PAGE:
Study Bibles for Our Hearts, Homes, and Churches
by Joel Beeke
Study Bibles are hardly new inventions. The medieval Glossa Ordinaria on the Latin Vulgate, Martin Luther’s prefaces and marginal notes in his German translation, and the Geneva Bible testify that for centuries, people have sought to combine the text of Scripture with words of explanation or other helps for the reader. Today, many people read study Bibles at home and carry them to church. Is this good or bad? It depends on how we use them.
How Not to Use Study Bibles
Do not read study Bibles upside down. Study Bibles typically feature the text of Scripture on the top half of the page and the notes on the bottom half. Thus, the top presents the words of God, and the bottom contains mere human interpretations and applications. We read study Bibles upside down when we confuse men’s words with God’s words. No matter how much you admire the people who wrote the notes, never receive their words as the absolute truth from God. Only the biblical text is inerrant.
“Every word of God is pure: he is a shield unto them that put their trust in him. Add thou not unto his words, lest he reprove thee, and thou be found a liar” (Prov. 30:5–6; KJV throughout). No study Bible should add to His words but should only explain and apply them.
Do not read study Bibles with your brain turned off. The temptation can be to read a verse, then look down at the note and conclude, “I see; that’s what that means,” and quickly move on. God calls us to meditate prayerfully on His Word (Pss. 1:2; 119:18, 36–37). Do not short-circuit the process of thinking carefully about the Scriptures. By their nature, study Bibles can only offer brief answers to questions. Issues may be much more complex than can be explained in a short note. Therefore, do not assume that you fully understand a matter just because you have read a note in a study Bible.
Do not read study Bibles when the preacher seems boring. Study Bibles are no substitute for the preaching of God’s Word—even if the preaching leaves something to be desired. Don’t stay at home on the Lord’s Day and read your study Bible instead of attending corporate worship. Don’t sit in church and read your study Bible when the pastor is preaching. This is not studying the Word, but avoiding it. Romans 10:17 says, “Faith cometh by hearing, and hearing by the word of God.” Hearing the Word of God preached (Rom. 10:14), not reading, is God’s primary means to work faith. If the preacher is not declaring God’s Word in a biblically faithful way, don’t retreat to your study Bible—go and find another preacher.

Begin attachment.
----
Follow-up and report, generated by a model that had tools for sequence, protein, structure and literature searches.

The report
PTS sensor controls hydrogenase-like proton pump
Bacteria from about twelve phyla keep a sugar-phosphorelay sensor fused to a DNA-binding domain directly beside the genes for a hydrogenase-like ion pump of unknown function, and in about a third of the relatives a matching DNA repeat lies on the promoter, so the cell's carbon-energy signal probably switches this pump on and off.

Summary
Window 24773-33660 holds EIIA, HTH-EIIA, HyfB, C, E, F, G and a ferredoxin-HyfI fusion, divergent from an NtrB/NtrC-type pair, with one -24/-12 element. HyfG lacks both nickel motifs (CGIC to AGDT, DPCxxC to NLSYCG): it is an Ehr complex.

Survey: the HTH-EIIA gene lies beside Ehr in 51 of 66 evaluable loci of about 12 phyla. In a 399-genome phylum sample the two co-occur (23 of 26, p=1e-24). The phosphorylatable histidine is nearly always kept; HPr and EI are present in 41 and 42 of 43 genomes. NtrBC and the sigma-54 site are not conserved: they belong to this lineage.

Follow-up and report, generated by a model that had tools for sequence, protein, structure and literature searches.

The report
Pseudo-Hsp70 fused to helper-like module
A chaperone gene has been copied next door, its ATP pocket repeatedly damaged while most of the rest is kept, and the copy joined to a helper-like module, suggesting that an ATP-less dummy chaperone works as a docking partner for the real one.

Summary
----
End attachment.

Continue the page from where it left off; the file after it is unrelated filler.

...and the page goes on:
Do not read study Bibles to puff up your ego. The purpose of Bible study is not just to fill our heads with knowledge but to fill our hearts with love for God, the desire to do His will, and faith in His promises (1 Tim. 1:5). The alternative is reading to grow in pride. Knowledge puffs up, but love builds up (1 Cor. 8:1–3).
Should We Use Study Bibles?
Yes, indeed. What is a study Bible? It is the text of Holy Scripture with additional notes and articles written by pastors and teachers. But why should we read notes and articles by pastors and teachers?
Some things in the Bible are hard to understand. The knowledge of the Bible can lead everyone, even children, to wisdom, faith, and salvation (2 Tim. 3:15). However, Peter wrote of Paul’s epistles,
In all his epistles, speaking in them of these things; in which are some things hard to be understood, which they that are unlearned and unstable wrest, as they do also the other scriptures, unto their own destruction. (2 Peter 3:16)
This warning should tell us that we may need help from others to understand the Bible and that false teachers will try to lead others astray through their ignorance. Christ gives teachers to His church. Ephesians 4:11–12 says that the risen and ascended Christ gives pastors and teachers “for the perfecting of the saints, for the work of the ministry, for the edifying of the body of Christ.” Since Christ gives teachers to the church, it follows that their written notes and applications can greatly aid our understanding of Scripture both intellectually and spiritually.
The Holy Spirit works through teachers. First Corinthians 12:4 says, “Now there are diversities of gifts, but the same Spirit.” Among these diverse gifts is the ability to teach (v. 29), and the body of Christ needs teachers (1 Cor. 12:21). Do not say that you don’t need anyone else’s help because you have the Holy Spirit. The Spirit works through other members of the body to teach us God’s Word.